Overall, little change has happened in the representation of women in the financial sector, especially in the senior ranks. Smialek cites cultural barriers and biases that are currently embedded in the cultures of banks and other financial services organizations as the cause of this underrepresentation. Thanks to senior women like Janet Yellen and Christine Lagarde, new pressures are now on those institutions to change.


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New Research: Americans Believe Women Are as Competent as Men

I had mixed feelings as I read the report by Maya Salam of the New York Times about new research on the public’s opinion regarding women’s intelligence in comparison with men’s. I am thrilled with the results from by Alice Eagly, a well-known social psychologist at Northwestern University, that reflect this significant measure of social change for women. At the same time, I feel exasperated about how long it has taken for Americans to see women as competent. And I feel sad about the underrepresented women in the United States who are still not valued and women in all regions of the world who are still voiceless and powerless. Nonetheless, this research by Eagly is good news. Salam notes that the study “published by the American Psychological Association . . . found that a majority of Americans (finally) believe women are just as competent as men, if not more so.” (Emphasis in original.)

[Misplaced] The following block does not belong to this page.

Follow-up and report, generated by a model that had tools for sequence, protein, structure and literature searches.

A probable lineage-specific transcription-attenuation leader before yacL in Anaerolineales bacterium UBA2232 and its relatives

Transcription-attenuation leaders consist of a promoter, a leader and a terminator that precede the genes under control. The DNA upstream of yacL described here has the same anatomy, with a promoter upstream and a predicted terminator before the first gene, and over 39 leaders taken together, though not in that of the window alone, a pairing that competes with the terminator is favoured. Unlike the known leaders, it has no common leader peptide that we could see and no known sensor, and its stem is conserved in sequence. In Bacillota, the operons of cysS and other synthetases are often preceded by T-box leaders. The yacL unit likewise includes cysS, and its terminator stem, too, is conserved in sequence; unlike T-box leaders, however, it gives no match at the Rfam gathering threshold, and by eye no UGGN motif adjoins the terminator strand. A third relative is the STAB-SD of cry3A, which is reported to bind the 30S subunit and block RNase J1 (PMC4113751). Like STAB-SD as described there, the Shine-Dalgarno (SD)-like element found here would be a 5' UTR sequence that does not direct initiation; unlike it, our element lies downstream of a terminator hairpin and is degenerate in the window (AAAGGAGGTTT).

Eagly and her colleagues studied opinion polls from 1946 to 2018 looking at how Americans rated a number of factors, including competency (defined as intelligence, organization, and creativity) along gender lines. Here’s what they found:

  • In 1946, 35 percent of people thought men and women were equally intelligent.
  • In 1995, 43 percent thought men and women were equally intelligent.
  • In 2018, 86 percent thought men and women were equally intelligent.

Eagly reportedly told Salam that these findings represent “massive social change.” Eagly notes that one important factor contributing to this change is that until recently, few women were in visible leadership roles. Salam notes that this situation is now changing: in 2019, college-educated women edged out college-educated men in the workforce and, for the first time, six women stepped forward to run for president and were visible on the debate stage for the first two Democratic debates.

Many women are stepping into visible leadership roles. Here are just a few:

  • Christine Lagarde—Already a groundbreaking visible leader for some time now, Christine Lagarde has just broken another barrier. David Segal and Amie Tsang of the New York Times report that she has just been named the new president of the European Central Bank, becoming the first woman to be picked for this role. She will leave her post as the head of the International Monetary Fund where, appointed in 2011 as the first woman to hold that post, she successfully steered the economies of many countries reeling from the global financial crisis. Lagarde is committed to promoting women as a moral urgency. She states that her research shows that “a higher share of women on the boards of banks and financial supervision agencies is associated with greater stability. . . . If it had been Lehman Sisters rather than Lehman Brothers, the world might well look a lot different today.”